A Board Support Package (BSP) includes software libraries for peripherals in the system. For example, the SDK projects for Pmod and Arduino peripherals require the following 2 BSPs:

BSP for the Arduino PYNQ MicroBlaze:

<PYNQ repository>/pynq/lib/arduino/bsp_arduino/

BSP for the Pmod PYNQ MicroBlaze:

<PYNQ repository>/pynq/lib/pmod/bsp_pmod

A BSP is specific to a processor subsystem. There can be many BSPs associated with an overlay, depending on the types of processors available in the system.

An application for the Pmod PYNQ MicroBlaze will be linked to the Pmod Pynq MicroBlaze BSP. As the two Pmod PYNQ MicroBlazes are identical, an application written for one Pmod PYNQ MicroBlaze can run on the other Pmod PYNQ MicroBlaze.

An Arduino application will be linked to the Arduino PYNQ MicroBlaze BSP.

Building the Projects

To build all the software projects, for example, you can run the corresponding makefile:

<PYNQ repository>/pynq/lib/arduino/makefile

<PYNQ repository>/pynq/lib/pmod/makefile

Application projects for peripherals that ship with Pynq (e.g. Pmod and Arduino peripherals) can also be found in the same location. Each project is contained in a separate folder.

The makefile compiles the application projects based on the BSP provided in the correct location.

The makefile requires SDK to be installed, and can be run from Windows, or Linux.

To run make from Windows, open SDK, and choose a temporary workspace (make sure this path is external to the downloaded PYNQ repository). From the Xilinx Tools menu, select Launch Shell.


In Linux, open a terminal, and source the SDK tools.

From either the Windows Shell, or the Linux terminal, navigate to the sdk folder in your local copy of the PYNQ repository:

The following example shows how to run make in <PYNQ repository>/pynq/lib/pmod/:


This will clean all the existing compiled binaries (bin files), and rebuild all the application projects.


If you examine the makefile, you can the BIN_PMOD variable at the top of the makefile includes all the bin files required by Pmod peripherals. If you want to add your own custom project to the build process, you need to add the project name to the BIN_PMOD variable, and save the project in the same location as the other application projects.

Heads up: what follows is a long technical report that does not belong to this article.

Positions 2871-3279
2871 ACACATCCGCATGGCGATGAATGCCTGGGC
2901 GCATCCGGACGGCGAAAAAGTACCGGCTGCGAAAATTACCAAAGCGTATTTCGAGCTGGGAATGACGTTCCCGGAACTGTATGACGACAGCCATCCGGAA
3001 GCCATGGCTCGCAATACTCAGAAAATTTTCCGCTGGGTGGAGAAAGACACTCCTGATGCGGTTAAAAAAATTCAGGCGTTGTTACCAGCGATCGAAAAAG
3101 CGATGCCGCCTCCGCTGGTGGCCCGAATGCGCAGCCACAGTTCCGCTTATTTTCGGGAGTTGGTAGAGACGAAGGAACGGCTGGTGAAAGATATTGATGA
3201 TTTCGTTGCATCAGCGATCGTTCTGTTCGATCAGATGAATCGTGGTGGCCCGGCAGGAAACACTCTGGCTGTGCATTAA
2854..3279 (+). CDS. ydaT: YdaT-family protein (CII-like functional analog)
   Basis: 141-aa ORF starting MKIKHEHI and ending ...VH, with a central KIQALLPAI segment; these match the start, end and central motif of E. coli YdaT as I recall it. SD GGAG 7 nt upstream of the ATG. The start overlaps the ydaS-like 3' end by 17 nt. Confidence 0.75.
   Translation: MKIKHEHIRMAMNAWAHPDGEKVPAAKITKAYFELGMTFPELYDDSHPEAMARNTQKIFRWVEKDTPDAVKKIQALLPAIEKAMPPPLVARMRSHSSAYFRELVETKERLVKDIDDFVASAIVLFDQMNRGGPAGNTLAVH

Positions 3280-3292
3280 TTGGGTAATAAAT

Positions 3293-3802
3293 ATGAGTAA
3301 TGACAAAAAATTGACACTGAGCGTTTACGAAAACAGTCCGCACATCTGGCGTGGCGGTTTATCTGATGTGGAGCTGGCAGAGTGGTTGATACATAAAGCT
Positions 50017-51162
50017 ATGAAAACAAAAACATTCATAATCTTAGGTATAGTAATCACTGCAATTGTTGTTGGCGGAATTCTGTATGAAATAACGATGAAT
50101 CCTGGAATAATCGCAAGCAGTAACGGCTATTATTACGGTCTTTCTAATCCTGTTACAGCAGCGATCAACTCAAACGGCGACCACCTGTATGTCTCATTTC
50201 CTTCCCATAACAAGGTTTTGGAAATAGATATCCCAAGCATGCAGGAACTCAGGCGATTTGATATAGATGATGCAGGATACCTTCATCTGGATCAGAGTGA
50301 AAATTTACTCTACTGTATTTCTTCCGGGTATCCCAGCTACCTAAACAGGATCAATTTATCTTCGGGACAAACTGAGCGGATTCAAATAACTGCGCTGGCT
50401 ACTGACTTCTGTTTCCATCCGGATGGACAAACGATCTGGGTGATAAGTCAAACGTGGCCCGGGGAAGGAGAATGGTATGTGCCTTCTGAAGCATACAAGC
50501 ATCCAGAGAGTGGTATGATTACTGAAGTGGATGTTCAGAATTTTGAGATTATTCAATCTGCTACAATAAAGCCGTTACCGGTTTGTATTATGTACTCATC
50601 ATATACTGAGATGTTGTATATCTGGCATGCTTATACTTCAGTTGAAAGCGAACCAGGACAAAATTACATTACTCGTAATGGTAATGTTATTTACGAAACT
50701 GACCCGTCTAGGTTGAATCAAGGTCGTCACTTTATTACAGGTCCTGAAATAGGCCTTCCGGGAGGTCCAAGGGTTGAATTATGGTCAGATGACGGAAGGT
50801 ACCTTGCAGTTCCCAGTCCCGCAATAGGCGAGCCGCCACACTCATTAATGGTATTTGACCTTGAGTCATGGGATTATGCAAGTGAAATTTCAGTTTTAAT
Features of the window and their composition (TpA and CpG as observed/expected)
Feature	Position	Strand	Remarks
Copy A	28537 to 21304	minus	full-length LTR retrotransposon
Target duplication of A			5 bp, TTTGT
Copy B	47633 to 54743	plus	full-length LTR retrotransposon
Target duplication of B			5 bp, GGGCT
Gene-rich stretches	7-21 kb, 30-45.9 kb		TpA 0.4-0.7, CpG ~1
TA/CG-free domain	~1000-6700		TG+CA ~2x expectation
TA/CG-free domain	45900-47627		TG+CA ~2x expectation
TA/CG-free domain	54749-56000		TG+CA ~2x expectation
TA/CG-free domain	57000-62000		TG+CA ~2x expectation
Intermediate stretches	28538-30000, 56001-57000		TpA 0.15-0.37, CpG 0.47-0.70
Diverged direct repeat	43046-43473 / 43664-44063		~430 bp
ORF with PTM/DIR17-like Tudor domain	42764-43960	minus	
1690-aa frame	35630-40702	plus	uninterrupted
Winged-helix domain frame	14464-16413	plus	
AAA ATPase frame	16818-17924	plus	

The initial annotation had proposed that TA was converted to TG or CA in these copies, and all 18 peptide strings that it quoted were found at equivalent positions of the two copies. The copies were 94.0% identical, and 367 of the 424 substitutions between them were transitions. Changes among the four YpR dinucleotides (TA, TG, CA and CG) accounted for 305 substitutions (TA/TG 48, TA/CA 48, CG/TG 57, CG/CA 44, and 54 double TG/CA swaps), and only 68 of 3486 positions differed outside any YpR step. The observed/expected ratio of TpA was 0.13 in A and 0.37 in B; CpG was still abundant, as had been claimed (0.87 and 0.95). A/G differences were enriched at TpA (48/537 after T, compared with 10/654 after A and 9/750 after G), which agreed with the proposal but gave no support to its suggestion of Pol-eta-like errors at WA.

Similarly, you have to following the same steps to build Arduino application projects.

In addition, individual projects can be built by navigating to the <project_directory>/Debug and running make.

Binary Files

Compiling code produces an executable file (.elf) which needs to be converted to binary format (.bin) to be downloaded to, and run on a PYNQ MicroBlaze.

A .bin file can be generated from a .elf by running the following command from the SDK shell:

mb-objcopy -O binary <input_file>.elf <output_file>.bin

This is done automatically by the makefile for the existing application projects. The makefile will also copy all .bin files into the <PYNQ repository>/pynq/lib/<driver_group_name>/ folder.

Creating Your Own

Using the makefile flow, you can use an existing project as a starting point for your own project.

Copy and rename the project, and modify or replace the .c file in the src/ with your C code. The generated .bin file will have the same base name as your C file.

For example, if your C code is my_peripheral.c, the generated .elf and .bin will be my_peripheral.elf and my_peripheral.bin.

The naming convention recommended for peripheral applications is <pmod|arduino>_<peripheral>.

You will need to update references from the old project name to your new project name in <project_directory>/Debug/makefile and <project_directory>/Debug/src/

If you want your project to build in the main makefile, you should also append the .bin name of your project to the BIN_PMOD (or BIN_ARDUINO) variable at the top of the makefile.

If you are using the SDK GUI, you can import the Hardware Platform, BSP, and any application projects into your SDK workspace.


The SDK GUI can be used to build and debug your code.

Writing Applications

The previous section described the software architecture and the software build process. This section will cover how to write the PYNQ MicroBlaze application and also the corresponding Python interface.

The section assumes that the hardware platform and the BSPs have already been generated as detailed in the previous section.

Header Files and Libraries

A library is provided for the PYNQ MicroBlaze which includes an API for local peripherals (IIC, SPI, Timer, Uart, GPIO), the configurable switch, links to the peripheral addresses, and mappings for the mailbox used in the existing PYNQ MicroBlaze peripheral applications provided with Pynq. This library can be used to write custom PYNQ MicroBlaze applications.